In election years past, Jon Stewart and Stephen Colbert were a millennial’s savior, intelligently presenting the ridiculousness of both parties and their candidates. While their work was satirical comedy, it still managed to expose an often apathetic generation news concerning the world around them — hopefully encouraging them to read more into issues discussed. With their Comedy Central departures, we were left with a void in our political satire.
Fortunately, CBS gifted us in 2015, by allowing Stephen Colbert to become the host of “The Late Show.” Colbert, playing himself as opposed to his character of the same name on “The Colbert Report,” has brought his own political ammunition to the major network.
Colbert wasted no time in kicking-off the Republican National Convention, and security wasted no time tossing him out. Dressed as Julius Flickerman, who Colbert described as the cousin to Hunger Games host Caesar Flickerman, Colbert arrived early to the convention with his taxidermy ferret – Caligula.
Colbert proceeded to criticize the GOP’s lack of minority representation, the party’s leadership setting aside moral beliefs to back Trump, New Jersey Governor Chris Christie and North Carolina’s bathroom legislation. Colbert concluded by taking the stage in front of press members preparing for the evening to announce the start of the “Hungry for Power Games.”
“I know I’m not supposed to be up here, but let’s be honest, neither is Donald Trump,” he said as he was escorted off the RNC main stage. Oh, and all of this occurred in only a four-minute segment.
The Late Show’s first episode during the convention also saw the return of Jon Stewart and Stephen Colbert (the Comedy Central character).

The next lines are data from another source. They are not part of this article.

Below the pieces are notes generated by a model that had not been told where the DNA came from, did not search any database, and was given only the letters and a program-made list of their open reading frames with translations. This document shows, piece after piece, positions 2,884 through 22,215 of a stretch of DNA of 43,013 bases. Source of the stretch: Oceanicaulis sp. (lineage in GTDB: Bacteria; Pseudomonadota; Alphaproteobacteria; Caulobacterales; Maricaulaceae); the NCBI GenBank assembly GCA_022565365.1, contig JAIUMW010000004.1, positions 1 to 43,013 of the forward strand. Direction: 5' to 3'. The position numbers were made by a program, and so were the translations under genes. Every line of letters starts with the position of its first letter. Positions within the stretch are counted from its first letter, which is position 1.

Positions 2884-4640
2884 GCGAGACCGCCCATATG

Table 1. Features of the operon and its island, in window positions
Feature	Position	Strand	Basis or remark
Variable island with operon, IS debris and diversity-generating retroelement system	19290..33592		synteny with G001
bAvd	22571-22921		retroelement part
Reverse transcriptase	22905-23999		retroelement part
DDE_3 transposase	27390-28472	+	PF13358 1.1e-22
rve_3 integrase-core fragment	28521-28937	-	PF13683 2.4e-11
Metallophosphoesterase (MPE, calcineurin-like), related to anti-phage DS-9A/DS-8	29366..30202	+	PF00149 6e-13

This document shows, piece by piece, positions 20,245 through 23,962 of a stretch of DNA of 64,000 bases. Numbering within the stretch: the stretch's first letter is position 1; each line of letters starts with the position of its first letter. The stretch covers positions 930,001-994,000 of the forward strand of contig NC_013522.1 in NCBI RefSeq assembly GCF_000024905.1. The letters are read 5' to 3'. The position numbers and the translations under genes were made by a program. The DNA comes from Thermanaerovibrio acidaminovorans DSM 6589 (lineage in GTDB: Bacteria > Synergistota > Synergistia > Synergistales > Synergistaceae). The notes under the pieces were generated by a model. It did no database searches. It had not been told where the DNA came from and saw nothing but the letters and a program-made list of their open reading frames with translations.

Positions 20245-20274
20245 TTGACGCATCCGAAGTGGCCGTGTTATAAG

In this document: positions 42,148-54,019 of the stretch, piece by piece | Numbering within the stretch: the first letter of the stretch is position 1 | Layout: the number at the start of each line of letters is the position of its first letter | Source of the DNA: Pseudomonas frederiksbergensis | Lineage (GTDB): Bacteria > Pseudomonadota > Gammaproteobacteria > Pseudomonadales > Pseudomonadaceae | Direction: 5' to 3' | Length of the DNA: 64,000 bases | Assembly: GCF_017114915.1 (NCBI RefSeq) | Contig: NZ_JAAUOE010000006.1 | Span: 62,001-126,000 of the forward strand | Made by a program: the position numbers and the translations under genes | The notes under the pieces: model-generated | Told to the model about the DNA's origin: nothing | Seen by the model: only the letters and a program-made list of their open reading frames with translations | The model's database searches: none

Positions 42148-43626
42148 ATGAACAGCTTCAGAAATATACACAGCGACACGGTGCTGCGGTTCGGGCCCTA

Colbert (character) stormed the The Late Show set in a gold chariot pulled by shirtless Uncle Sams, wielding a Captain America shield. After arriving, Colbert reintroduced “The Word.” A segment popularized on his former Comedy Central show, The Colbert Report.
“Truthiness (a word he invented on Colbert Report) was from the gut, but Trumpiness clearly comes from much further down the gastrointestinal tract,” Colbert said. “These legitimately angry voters don’t need a leader to say things that are true or feel true. They need a leader to feel things that feel feels,” his bizarre definition continued.
The episode beat the ratings of its competitors for the night, a feat it hasn’t accomplished since February. The show’s Hungry for Power Games segment has over 8.6 million views on Facebook as of this publication. It’s clear that people are paying attention.
In the past, both Stewart and Colbert have made it clear that what they do is comedy. However, sometimes comedy is a necessary relief to the perils of our surroundings and not only has this comedy brought us laughs, but they’ve been laughs rooted in important matters. Maybe it’ll help people pay attention, after the laughter ends and they have that “oh, crap” moment when remembering things are still a mess. Or maybe it’ll just plunge us further into apathy. Who knows?
At day’s end, people are unhappy and at least we still have media personalities like Stephen Colbert to put a smile on our face over how ridiculous the world is.